General Rancor is threatening to destroy the world with a missile he is hiding at his secret base. But to complete his goal, he needs a special computer chip, invented by the scientist Prof... See full summary »
This time Zucker and Abrams are spoofing, most notably, Elvis films and WWII spy movies. Val Kilmer stars as Nick Rivers, a handsome American 50s-style rock and roll singer. While performing in East Germany, he falls in love with a beautiful heroine and becomes involved with the French Resistance. Written by
The songs that Val Kilmer sings in the film are actually performed by Kilmer himself and were featured on the film's soundtrack released in 1984 under Kilmer's character's name Nick Rivers. See more »
When the conductor speaks to Nick in German on the train at the beginning of the film, Nick translates that they're at the East German checkpoint. However, East Germany (The GDR) didn't exist until 1949. See more »
Go with Nick. Don't worry about us. We will hear his music on the Voice of America. We will hear it in the hearts of the people, and in elevators everywhere.
See more »
It doesn't get much sillier than this - and they even say so in song!
An American rock and roll idol goes behind the iron curtain (while there was one!) for a culture fest but instead becomes involved in the resistance movement.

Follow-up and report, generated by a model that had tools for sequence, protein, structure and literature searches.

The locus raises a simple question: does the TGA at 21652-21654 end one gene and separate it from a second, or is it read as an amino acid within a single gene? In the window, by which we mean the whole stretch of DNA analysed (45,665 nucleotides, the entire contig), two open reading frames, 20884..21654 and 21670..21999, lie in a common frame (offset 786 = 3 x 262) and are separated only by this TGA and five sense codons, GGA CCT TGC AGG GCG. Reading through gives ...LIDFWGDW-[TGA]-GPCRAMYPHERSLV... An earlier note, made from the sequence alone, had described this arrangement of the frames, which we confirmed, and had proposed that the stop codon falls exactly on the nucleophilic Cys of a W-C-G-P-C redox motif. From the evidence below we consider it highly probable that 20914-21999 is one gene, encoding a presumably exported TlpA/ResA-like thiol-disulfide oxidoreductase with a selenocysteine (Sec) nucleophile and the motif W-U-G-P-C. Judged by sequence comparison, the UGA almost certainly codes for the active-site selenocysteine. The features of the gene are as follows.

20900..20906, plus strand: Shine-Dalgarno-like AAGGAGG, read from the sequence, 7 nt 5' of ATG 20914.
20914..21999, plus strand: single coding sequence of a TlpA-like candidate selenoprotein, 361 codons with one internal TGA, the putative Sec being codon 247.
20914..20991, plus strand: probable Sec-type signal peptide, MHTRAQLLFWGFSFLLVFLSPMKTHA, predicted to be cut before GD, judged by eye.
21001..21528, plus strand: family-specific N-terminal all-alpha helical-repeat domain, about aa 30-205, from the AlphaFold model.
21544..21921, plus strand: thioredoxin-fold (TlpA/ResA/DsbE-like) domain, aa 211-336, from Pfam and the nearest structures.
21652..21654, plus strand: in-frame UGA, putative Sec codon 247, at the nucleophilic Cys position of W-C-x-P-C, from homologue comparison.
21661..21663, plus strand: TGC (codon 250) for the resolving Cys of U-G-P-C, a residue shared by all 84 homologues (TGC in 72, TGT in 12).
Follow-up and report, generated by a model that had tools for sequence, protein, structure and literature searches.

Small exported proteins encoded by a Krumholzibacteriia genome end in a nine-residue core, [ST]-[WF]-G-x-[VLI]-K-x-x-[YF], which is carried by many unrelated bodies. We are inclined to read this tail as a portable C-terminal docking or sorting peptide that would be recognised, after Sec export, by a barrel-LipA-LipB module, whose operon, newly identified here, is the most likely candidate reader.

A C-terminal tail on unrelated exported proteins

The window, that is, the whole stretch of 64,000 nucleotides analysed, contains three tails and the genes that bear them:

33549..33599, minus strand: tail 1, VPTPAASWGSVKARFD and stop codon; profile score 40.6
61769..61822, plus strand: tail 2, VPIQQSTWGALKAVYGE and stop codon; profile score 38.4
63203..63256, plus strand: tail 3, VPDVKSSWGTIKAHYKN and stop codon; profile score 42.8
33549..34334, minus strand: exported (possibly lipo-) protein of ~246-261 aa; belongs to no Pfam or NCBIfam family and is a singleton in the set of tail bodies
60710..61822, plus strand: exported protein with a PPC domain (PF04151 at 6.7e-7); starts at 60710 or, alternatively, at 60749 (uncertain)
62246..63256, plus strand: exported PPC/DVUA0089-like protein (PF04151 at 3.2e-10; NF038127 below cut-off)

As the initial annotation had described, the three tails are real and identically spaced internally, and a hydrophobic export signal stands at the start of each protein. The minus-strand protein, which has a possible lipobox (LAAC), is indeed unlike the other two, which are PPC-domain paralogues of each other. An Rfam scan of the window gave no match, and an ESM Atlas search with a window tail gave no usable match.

Forget about the film itself, the very idea of an Elvis Presley movie being mixed with a French resistance film and produced by the Airplane! crew is enough for laugh number one. Not only is this a bizarre world but seems to be playing games with time and history, the communist East Germany being portrayed as a kind of war time Nazi set-up!
Kilmer does well with an impossible role to the point where you wonder if he didn't miss his vocation. He can sing and dance better than many real singers and he proved in The Doors that he is really a major musical force. Strangely it is rumoured that he didn't realise this was a satire!
The stupidity of many Elvis movies and those Saturday morning children's reels (scientist and beautiful daughter) are taken to the cleaners and you have fantastic sight gags. The "falling guard" gag is one of the best sight gags in the history of movies - I challenge anyone not to laugh at it.
I enjoy a stupid movie every now and then and admit I enjoyed this one. Clearly the authors know little about German history or European culture and the little they do know seems cribbed from watching bad B movies on the subject, but what the hell. This is too stupid for anyone to get seriously uptight about. "How silly can you get?" sings Kilmer at one point in the film: Maybe a little, but not that much!
45 of 54 people found this review helpful.
Was this review helpful to you?